_{max}(4.90) was larger than 1.96 in the MRS test and ${P}_{0}$ (3.38 × 10

^{−5}) was less than 0.5 in the Pettitt test. While even though the valid results of two tests were different at Kuangmenkou section, both test statistics appeared similar values in 1977 and 1978, the difference is less than 0.22% (0.01 out of 4.56 (|U|

_{max})) in MRS test, and 0.80% (5 out of 627 (|U

_{t}

_{,n}|

_{max})) in Pettitt test, whose ${P}_{0}$ were 1.18 × 10

^{−4}. Therefore, the population may consider varies since 1978, the research time horizon was partitioned into two sub-periods, pre-change (1956–1977) and post-change (1978–2017) periods. The test statistics of the two methods are shown in Figure 2.

_{20,0.05/2}and t

_{38,0.05/2}represent the critical value for the pre- and post-period separately, in Table 2.

#### 4.2. Runoff Decline Reason Analysis

^{3}(from 984 to 437), while for Qingzhang River the value is 286 million m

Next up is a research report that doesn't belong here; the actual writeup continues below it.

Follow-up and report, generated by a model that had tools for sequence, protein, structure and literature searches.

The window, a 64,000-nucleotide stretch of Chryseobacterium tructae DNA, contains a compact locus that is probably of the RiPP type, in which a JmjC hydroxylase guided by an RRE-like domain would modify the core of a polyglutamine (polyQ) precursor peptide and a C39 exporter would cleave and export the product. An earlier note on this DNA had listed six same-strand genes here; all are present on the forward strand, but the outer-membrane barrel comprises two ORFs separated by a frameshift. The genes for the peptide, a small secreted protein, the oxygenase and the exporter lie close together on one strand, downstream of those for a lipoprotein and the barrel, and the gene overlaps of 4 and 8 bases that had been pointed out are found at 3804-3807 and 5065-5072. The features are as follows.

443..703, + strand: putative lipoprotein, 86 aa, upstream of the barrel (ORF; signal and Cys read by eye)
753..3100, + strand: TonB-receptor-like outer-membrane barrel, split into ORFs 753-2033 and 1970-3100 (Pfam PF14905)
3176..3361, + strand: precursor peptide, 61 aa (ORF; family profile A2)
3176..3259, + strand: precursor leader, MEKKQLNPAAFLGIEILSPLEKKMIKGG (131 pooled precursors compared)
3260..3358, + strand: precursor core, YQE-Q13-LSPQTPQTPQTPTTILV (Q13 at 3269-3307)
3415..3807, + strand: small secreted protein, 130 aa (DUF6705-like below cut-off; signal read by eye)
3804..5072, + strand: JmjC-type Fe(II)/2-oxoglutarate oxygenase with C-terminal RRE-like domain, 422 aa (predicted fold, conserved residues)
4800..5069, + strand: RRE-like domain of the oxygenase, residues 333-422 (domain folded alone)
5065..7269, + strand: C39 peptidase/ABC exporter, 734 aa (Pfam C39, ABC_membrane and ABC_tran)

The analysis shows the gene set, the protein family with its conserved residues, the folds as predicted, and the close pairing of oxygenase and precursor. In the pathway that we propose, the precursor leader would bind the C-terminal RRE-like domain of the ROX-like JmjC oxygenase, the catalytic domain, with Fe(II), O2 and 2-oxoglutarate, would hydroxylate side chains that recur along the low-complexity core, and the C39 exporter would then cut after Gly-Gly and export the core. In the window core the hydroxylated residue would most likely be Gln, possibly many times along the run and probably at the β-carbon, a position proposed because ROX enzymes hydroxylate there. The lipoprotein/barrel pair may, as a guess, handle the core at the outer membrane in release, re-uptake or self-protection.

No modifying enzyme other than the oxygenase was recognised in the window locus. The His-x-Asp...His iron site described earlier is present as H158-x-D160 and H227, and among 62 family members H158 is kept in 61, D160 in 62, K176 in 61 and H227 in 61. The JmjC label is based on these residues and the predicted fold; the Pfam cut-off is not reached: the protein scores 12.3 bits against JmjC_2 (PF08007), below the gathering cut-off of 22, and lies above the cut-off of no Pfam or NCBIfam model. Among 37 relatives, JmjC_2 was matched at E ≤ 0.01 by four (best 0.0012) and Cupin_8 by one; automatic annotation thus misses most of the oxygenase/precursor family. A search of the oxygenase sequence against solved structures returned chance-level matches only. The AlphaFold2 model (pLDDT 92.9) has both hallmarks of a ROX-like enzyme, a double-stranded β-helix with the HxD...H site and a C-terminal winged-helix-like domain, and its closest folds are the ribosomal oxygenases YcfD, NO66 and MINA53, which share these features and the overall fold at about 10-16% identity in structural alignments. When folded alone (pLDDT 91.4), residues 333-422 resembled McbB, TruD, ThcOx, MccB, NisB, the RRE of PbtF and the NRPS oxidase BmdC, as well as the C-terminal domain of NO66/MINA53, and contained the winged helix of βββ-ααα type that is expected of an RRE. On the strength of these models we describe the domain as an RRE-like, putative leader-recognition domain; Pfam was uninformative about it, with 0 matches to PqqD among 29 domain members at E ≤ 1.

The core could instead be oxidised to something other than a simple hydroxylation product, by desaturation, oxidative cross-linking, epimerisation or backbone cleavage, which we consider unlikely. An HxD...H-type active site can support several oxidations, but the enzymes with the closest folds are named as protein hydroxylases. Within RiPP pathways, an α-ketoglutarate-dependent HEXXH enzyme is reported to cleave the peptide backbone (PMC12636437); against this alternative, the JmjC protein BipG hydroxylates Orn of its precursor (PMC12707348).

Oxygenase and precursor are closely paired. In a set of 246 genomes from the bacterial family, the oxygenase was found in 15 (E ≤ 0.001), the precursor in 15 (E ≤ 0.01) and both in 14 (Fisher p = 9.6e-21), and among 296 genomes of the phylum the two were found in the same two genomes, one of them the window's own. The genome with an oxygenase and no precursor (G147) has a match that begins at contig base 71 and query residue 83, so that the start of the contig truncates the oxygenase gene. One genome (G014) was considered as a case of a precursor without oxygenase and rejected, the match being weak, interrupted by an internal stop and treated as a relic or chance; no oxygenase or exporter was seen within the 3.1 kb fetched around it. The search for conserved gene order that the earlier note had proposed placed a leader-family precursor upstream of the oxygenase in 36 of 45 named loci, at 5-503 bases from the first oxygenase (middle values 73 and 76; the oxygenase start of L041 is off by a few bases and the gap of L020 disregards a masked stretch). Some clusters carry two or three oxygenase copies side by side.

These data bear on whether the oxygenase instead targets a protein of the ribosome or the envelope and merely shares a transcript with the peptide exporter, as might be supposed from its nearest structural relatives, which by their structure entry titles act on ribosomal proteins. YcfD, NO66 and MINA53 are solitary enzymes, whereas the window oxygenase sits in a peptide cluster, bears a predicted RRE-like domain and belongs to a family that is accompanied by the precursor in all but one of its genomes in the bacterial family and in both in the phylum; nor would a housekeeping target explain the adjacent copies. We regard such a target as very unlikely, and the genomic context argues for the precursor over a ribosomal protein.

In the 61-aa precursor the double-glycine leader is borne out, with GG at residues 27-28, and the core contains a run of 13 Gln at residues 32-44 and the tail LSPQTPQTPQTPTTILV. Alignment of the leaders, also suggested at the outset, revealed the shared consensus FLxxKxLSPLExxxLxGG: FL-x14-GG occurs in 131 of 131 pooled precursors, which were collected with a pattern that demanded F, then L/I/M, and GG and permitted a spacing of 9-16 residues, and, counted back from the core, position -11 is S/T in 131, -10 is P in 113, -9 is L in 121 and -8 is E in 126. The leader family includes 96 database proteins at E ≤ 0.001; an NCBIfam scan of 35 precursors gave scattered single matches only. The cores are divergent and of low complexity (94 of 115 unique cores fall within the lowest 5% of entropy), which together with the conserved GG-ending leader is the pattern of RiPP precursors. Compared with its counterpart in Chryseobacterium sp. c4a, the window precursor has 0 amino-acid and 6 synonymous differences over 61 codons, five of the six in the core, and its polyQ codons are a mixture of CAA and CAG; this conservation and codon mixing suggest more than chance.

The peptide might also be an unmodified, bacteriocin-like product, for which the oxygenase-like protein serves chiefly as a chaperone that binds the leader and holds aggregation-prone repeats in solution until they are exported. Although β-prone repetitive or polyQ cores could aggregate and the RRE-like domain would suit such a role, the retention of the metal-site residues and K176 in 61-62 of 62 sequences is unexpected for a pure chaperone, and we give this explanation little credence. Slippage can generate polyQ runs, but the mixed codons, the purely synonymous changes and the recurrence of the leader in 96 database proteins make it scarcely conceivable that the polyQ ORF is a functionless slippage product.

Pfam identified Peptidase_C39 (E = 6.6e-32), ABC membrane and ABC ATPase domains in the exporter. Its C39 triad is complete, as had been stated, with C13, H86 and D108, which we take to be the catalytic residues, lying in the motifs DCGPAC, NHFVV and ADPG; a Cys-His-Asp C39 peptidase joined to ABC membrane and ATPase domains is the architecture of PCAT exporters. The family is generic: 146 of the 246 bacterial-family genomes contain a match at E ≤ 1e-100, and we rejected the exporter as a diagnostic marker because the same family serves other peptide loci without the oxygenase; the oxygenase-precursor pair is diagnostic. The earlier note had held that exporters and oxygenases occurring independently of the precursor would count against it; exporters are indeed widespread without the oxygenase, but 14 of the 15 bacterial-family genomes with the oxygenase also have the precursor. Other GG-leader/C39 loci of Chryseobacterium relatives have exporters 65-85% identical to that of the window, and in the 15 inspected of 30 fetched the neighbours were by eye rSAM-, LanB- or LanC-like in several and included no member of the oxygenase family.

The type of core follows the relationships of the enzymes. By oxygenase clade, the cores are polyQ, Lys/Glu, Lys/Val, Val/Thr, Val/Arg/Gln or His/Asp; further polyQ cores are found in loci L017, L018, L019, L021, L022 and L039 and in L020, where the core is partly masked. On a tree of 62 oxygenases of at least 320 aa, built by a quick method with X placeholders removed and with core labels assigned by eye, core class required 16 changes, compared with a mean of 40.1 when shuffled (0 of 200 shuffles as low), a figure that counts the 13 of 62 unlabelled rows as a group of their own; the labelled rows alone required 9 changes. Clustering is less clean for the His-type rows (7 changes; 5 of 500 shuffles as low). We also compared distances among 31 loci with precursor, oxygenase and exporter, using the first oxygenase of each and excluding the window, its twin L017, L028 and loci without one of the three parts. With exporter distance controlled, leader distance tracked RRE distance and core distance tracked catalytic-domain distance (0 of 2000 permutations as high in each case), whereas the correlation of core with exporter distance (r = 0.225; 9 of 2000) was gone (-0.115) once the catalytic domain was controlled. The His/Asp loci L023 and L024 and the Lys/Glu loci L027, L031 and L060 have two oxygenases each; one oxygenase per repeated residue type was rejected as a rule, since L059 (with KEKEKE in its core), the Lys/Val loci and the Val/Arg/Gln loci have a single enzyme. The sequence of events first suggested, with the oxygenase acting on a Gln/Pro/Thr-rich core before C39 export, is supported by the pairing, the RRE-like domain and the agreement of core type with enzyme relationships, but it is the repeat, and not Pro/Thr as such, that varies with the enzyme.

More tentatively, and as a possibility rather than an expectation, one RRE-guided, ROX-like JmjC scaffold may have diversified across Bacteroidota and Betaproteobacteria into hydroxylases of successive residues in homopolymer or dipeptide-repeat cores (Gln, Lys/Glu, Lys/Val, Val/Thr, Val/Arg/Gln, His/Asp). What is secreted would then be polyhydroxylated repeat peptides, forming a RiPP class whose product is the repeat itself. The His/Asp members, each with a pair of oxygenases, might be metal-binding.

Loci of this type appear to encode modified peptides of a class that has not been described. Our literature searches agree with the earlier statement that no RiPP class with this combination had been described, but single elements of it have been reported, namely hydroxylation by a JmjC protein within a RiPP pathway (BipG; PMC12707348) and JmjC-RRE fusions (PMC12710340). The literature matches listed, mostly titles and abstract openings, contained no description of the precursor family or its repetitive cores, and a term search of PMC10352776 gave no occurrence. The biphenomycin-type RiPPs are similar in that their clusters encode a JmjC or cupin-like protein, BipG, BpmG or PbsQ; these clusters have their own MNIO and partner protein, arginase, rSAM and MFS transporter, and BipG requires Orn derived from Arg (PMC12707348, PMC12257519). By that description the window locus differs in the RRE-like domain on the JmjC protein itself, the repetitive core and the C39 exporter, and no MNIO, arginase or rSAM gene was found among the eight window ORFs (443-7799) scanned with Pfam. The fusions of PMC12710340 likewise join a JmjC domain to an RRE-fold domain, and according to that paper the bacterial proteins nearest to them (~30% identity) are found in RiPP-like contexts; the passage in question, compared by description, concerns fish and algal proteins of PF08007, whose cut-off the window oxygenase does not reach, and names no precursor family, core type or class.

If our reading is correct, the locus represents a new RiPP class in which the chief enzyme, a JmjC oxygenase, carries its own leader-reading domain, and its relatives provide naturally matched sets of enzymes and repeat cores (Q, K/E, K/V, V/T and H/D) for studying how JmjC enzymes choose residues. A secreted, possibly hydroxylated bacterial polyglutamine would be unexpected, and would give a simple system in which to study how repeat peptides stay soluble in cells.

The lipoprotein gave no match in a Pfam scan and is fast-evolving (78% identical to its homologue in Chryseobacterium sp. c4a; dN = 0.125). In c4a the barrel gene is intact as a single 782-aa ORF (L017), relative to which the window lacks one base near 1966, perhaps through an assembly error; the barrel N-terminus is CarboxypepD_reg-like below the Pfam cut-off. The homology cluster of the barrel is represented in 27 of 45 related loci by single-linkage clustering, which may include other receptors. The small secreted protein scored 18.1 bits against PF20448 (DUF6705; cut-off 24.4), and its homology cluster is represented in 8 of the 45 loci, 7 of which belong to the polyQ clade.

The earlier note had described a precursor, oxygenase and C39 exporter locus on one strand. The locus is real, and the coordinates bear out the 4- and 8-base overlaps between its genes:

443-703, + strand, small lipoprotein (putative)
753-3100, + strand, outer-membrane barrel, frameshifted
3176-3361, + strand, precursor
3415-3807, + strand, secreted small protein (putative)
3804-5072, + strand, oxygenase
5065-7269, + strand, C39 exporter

^{3}(from 550 to 264). Runoff is extremely sensitive to precipitation, secondly to that is rainfall-runoff relationship, thus the reason of runoff decreasing was discussed from these aspects. Stated another way, climate change and human activities are commonly considered as two major factors influence runoff trends, precipitation as the most sensitive climate factor to runoff, its variation implies the climate contribution; and its relationship with streamflow reflects the underlying surface conditions, which are the most striking effects from human activities.

#### 4.2.1. Precipitation Variation

#### 4.2.2. Rainfall-Runoff Relationship

^{3}, controlling over 95 percent of the valley area, supplying 36 large-sized irrigation districts. A rapidly growing population and increasing industrial and agricultural water consumption boost water withdrawal. To make matters worse, among the supplies, most of the water (about 70% to 80%) goes to agriculture with high loss ratio, more evaporation and less drainage. In addition, groundwater overdraft and coal mining increases leakage loss of surface water, especially rivers, which result in a sharp surface runoff reduction. Zeng et al. [31] separated the effects of climate change and human activities on runoff in the Zhanghe River Basin, and indicated that the climate change contributes more than human activities on annual runoff changes, while the major factor was changeable at seasonal and monthly scales.

#### 4.3. Probability Distribution Analysis